> project, the hardware is already taken care of: I will send you the
> little adapter that connects the BB-xM to our Calypso MCSI, and if the
> price of the BB-xM itself is too much for you, I can send you that
> board as well. However, you will need to do the software work for
> which I have no time myself: you will need to figure out how to
> configure the DM3730 pin multiplexing in the BB-xM Linux kernel (or
> perhaps in U-Boot) to connect the external pins to the right McBSP and
> UART cores inside, you will need to make the Linux kernel attach the
> McBSP driver to the selected McBSP core and configure that McBSP
> driver correctly for our PCM frame format, and you will need to figure
> out whatever ALSA or other userspace magic would be needed in order to
> actually exchange voice samples over the interface. It is all software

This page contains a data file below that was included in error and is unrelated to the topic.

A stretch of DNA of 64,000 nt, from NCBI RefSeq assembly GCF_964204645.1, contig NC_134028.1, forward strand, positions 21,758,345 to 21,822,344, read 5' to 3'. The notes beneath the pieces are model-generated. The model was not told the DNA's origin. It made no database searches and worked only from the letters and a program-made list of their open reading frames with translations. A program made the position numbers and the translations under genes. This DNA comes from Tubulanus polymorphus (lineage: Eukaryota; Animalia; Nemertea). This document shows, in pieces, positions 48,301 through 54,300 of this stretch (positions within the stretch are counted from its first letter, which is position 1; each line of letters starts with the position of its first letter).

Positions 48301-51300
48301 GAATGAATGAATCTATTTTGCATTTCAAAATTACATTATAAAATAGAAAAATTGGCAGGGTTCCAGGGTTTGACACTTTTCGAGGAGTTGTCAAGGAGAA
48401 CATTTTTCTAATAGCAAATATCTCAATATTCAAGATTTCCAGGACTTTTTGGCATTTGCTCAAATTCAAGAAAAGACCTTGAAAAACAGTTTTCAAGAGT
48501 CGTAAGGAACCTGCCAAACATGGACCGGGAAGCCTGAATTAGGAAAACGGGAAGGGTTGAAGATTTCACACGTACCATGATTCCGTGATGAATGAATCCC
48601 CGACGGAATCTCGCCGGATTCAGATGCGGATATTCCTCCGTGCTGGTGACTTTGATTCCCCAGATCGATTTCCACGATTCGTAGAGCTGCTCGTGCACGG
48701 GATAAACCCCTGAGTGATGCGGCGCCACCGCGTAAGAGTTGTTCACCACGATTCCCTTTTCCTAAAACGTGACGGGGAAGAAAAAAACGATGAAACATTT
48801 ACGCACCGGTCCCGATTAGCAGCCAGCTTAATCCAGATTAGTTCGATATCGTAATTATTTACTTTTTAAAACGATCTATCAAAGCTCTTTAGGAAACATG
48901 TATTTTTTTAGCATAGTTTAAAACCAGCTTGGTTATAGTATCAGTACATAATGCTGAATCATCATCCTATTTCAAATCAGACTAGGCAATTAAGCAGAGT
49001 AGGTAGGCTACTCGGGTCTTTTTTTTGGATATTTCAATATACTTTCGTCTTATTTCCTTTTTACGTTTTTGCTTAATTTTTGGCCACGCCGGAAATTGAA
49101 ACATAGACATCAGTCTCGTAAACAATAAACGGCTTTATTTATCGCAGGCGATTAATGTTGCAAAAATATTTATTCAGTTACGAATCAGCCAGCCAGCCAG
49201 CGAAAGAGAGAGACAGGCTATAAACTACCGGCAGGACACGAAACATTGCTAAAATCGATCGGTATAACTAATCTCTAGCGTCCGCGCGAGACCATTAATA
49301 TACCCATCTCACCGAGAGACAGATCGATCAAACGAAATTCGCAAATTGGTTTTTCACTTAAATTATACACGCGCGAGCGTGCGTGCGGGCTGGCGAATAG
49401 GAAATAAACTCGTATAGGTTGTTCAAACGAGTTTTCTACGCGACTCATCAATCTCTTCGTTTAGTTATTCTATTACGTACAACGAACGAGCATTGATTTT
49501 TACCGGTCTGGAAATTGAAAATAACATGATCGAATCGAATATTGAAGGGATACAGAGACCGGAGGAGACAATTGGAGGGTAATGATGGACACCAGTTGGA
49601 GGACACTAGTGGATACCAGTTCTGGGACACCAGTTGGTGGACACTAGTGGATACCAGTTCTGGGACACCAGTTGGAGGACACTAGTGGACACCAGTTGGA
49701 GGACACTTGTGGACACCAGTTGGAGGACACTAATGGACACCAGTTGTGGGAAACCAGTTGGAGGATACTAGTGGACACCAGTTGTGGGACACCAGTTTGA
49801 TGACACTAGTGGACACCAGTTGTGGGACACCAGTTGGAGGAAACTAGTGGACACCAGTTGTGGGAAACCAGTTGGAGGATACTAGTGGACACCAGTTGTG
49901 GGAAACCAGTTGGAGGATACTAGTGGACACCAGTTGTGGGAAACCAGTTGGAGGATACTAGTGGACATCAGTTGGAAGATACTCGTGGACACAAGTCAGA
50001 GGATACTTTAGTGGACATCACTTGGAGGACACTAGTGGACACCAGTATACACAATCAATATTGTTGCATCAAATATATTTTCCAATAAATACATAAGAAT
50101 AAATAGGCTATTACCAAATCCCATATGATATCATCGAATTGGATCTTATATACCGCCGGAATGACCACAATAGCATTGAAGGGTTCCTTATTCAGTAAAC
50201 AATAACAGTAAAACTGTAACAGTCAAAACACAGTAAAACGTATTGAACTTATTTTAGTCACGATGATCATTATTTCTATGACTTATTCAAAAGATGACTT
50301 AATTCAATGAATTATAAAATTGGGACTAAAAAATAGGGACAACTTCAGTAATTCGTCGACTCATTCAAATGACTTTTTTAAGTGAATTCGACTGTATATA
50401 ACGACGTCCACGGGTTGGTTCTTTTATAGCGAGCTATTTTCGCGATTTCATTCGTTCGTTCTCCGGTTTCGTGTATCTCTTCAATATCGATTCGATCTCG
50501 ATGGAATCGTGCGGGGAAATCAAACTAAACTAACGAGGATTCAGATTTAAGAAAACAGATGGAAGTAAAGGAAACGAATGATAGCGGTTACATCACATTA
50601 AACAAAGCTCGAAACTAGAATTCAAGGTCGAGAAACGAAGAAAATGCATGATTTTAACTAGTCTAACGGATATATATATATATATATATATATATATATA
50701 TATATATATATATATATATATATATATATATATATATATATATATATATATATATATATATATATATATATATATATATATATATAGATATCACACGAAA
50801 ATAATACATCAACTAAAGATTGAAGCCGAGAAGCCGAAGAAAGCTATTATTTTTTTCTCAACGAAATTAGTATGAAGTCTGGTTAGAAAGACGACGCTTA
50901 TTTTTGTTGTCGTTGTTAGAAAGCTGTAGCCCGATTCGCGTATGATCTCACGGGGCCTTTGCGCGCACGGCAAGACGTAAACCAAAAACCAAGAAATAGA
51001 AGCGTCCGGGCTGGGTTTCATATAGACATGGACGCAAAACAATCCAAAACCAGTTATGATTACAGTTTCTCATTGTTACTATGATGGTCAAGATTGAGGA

> work, absolutely no hardware hacking skills or tools are needed, but
> this BeagleBoard Linux sw work would require far more brain cycles of
> me than I can spare, which is why I am punting it off to the community.
> Another idea would be to use an AT91SAM7S board, also very cheap and
> readily available. The AT91SAM7S processor is an ARM7 SoC just like
> the Calypso, running OS-less bare-metal firmware, and the selection of
> peripherals include UARTs, a USB device controller and a synchronous
> serial controller that can be used for our MCSI. You could write fw
> for this AT91SAM7S processor that talks on the synchronous serial
> interface on one side (to be connected to Calypso MCSI) and passes
> these voice samples over a UART or over USB on the other side. Once
> again, the hardware is already there (the AT91SAM7S has 3.3 V I/O pins
> that can be connected directly to our FCDEV3B), but someone would have
> to do the non-trivial software work.
> So, do we have any takers for implementing a proof-of-concept system
> for talking to our Calypso digital voice interface?
> Hasta la Victoria, Siempre,
> Mychaela aka The Mother